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MAN UP and talk about it

I normally write my blog using my own personal experience of mental health but I think it's really important to highlight other issues that surround mental health such as that of the male population. It has been recorded that:
  • 76% of suicides are committed by men
  • 12.5% of men in the UK are suffering from a common mental health disorder
  • Men are three times more likely than women to become alcohol dependent 
  • But despite this, only 36% of all referrals to talking therapies are men (reference)
Although I say that this isn't necessarily from my own perspective, I know of three men who have all had difficulties with their mental health in various capacities, so I know a little bit about it, but as I always say, I'm no psychologist!

I doubt many boys read this (I mean, not many people read this full stop!), but I think it's so important to try and change this attitude of 'just man up', 'boys don't cry', 'you're such a girl' when boys/men talk about their feelings. All humans whether you're a man, woman or anything else you identify as, have a brain, and within your brain you'll have a hippocampus, hypothalamus and limbic system which all control mood and emotions. This attitude doesn't just come from 'lads' either, most the time these attitudes are instilled into us through behaviours of our parents. And I know if any parents are reading this may think 'well that was how I was brought up', but that's irrelevant. People from generations previous had slaves, that doesn't mean we have that attitude because it was how we were brought up. Instead, use that experience and change it. Let your son know that it's okay to cry, okay to feel sad, okay to talk about how they're feeling, it doesn't make them any 'less' of a man for doing so.

Yes, I'm one of those people that loves a bit of reality TV, whether it's Love Island, Made in Chelsea or TOWIE, I'm not ashamed to say so (but maybe I should be?!). On TOWIE a few weeks ago Tommy Mallet spoke about how he had been struggling with his mental health but how he felt he couldn't talk about it because he needed to 'be a man' about it. If you don't watch TOWIE, Tommy is your typical 'rough-n-ready', cockney lad's lad who you would never expect to cry on camera, but he did. Him and the other boys even came together to create a campaign called 'I cry because' and #boysbareall where they stripped off and held the reason they cry over their 'areas' to show that it's okay for men to cry! This gained national attention and Tommy has since been on various talk-shows to promote men talking about their mental health.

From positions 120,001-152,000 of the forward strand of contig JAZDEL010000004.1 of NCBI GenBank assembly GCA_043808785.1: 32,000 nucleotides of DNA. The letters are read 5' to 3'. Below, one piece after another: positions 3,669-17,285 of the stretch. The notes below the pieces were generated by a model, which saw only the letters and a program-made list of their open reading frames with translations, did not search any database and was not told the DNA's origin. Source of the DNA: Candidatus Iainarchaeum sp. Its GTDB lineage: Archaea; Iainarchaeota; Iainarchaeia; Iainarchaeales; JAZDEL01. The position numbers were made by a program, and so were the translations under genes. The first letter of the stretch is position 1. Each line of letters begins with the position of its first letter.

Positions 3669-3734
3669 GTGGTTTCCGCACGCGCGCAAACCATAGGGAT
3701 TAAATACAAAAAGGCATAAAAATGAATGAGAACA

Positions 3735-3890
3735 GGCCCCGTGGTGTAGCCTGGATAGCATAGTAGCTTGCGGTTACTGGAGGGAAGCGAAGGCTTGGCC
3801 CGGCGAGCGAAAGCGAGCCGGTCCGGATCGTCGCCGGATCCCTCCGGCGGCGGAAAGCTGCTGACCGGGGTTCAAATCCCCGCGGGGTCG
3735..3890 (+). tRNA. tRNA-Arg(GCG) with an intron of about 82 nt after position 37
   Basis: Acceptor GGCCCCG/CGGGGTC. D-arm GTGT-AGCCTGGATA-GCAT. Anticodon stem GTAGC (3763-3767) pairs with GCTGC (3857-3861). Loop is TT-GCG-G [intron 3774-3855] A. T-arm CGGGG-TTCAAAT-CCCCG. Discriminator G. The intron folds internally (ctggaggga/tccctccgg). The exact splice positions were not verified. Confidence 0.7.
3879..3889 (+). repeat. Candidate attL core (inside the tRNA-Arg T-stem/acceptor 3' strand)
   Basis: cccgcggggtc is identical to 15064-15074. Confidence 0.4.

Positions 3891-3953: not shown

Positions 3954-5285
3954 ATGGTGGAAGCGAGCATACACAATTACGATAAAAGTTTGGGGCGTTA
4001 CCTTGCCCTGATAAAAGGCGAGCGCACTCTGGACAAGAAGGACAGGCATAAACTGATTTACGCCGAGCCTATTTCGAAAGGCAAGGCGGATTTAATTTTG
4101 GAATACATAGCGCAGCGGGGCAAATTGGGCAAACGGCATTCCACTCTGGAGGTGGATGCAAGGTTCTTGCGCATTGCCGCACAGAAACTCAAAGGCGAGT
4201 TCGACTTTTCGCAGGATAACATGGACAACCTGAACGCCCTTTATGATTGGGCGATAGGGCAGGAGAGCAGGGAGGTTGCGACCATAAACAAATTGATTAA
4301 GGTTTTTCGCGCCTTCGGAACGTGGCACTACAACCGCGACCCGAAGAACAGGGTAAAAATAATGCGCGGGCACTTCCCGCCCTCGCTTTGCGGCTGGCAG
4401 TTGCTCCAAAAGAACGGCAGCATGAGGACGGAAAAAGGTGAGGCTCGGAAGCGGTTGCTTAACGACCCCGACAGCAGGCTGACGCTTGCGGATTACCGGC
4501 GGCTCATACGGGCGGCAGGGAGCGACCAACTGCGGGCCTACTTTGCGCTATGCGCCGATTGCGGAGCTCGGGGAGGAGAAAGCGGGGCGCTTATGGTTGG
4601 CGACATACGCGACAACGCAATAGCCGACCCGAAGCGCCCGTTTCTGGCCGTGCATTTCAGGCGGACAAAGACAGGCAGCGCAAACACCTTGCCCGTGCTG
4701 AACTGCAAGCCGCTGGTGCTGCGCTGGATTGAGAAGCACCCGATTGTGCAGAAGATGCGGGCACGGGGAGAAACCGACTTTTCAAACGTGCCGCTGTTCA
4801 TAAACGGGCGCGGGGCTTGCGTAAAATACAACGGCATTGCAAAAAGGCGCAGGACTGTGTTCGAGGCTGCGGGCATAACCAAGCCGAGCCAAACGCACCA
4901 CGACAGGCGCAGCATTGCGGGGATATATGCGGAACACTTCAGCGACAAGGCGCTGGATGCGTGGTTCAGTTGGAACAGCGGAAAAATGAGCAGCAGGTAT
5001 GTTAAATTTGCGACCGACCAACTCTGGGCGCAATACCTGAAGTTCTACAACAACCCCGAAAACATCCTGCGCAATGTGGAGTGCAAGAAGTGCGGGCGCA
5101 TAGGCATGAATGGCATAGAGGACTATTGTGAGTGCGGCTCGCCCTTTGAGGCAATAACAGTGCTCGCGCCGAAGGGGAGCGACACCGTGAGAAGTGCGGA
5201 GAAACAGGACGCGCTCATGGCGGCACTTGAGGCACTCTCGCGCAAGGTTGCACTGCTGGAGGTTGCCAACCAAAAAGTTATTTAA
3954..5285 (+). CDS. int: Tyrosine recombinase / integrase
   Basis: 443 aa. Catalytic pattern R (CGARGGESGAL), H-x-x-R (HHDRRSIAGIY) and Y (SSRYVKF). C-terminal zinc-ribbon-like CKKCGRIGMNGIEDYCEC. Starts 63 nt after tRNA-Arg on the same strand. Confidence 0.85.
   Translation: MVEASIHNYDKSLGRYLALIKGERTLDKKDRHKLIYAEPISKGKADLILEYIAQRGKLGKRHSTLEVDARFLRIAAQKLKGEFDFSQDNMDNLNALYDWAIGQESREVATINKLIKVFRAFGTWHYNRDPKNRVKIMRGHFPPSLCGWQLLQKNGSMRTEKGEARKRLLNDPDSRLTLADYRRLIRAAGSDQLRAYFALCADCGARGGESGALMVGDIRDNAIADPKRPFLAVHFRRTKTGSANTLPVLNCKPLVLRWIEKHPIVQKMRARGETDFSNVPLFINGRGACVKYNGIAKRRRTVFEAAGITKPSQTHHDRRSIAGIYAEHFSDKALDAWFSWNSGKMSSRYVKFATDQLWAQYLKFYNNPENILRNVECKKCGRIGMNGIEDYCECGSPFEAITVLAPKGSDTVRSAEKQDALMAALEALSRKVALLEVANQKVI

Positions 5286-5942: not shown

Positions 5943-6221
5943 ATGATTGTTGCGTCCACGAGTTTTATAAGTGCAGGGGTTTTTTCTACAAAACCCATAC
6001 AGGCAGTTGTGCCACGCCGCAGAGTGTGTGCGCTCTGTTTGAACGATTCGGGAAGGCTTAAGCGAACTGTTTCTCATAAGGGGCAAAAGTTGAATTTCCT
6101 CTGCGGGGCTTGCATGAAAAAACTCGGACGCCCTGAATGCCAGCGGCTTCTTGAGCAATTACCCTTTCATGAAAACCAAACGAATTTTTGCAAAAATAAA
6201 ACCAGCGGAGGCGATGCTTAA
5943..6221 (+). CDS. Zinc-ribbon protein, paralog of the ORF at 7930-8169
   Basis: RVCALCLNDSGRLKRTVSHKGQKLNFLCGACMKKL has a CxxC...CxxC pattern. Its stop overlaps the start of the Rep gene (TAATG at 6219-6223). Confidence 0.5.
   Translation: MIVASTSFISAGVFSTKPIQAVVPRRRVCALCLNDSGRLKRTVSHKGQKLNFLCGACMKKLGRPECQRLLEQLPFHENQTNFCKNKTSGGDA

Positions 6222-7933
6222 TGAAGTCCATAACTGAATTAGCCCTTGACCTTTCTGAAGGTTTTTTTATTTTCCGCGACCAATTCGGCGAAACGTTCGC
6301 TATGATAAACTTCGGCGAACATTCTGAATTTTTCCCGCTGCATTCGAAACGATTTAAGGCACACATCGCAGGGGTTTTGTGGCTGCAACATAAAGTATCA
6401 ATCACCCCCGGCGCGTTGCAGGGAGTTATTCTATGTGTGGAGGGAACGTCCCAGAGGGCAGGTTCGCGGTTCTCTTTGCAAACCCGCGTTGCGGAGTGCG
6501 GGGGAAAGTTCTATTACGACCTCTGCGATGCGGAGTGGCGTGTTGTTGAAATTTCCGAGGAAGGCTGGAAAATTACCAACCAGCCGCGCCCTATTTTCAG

I know from my own experience how stubborn men can be when talking about their emotions, it's like drawing blood from a stone! But if you get the sense that someone you know is having difficulties with their emotions, it doesn't even need to be a mental illness, it can be stress, or heartbreak or whatever emotion they're feeling, just keep trying. You may feel like you're nagging, but sometimes it's what they need; they need someone to show that they're there and that they can help. So many men end their lives because they feel like there's nobody to help or that they can't talk about it - look at Robin Williams, Kurt Cobain, Alexander McQueen, and so many more. You'd maybe look at these people and wonder what they have to be depressed about (which is a topic I also covered here), but who knows, maybe if they felt like they could speak to someone about it, they may still be alive.

And if you're reading this as someone who feels they can't speak to anyone about how you're feeling, please do it. Even if you don't tell that person all of the details, you just tell them that you're struggling, they can check in with you, they can be someone who you can go to if you feel like you can't hold it in any longer, it will help. There's nothing wrong with a man that cries, a man that feels, a man that opens up -


Look after one another,

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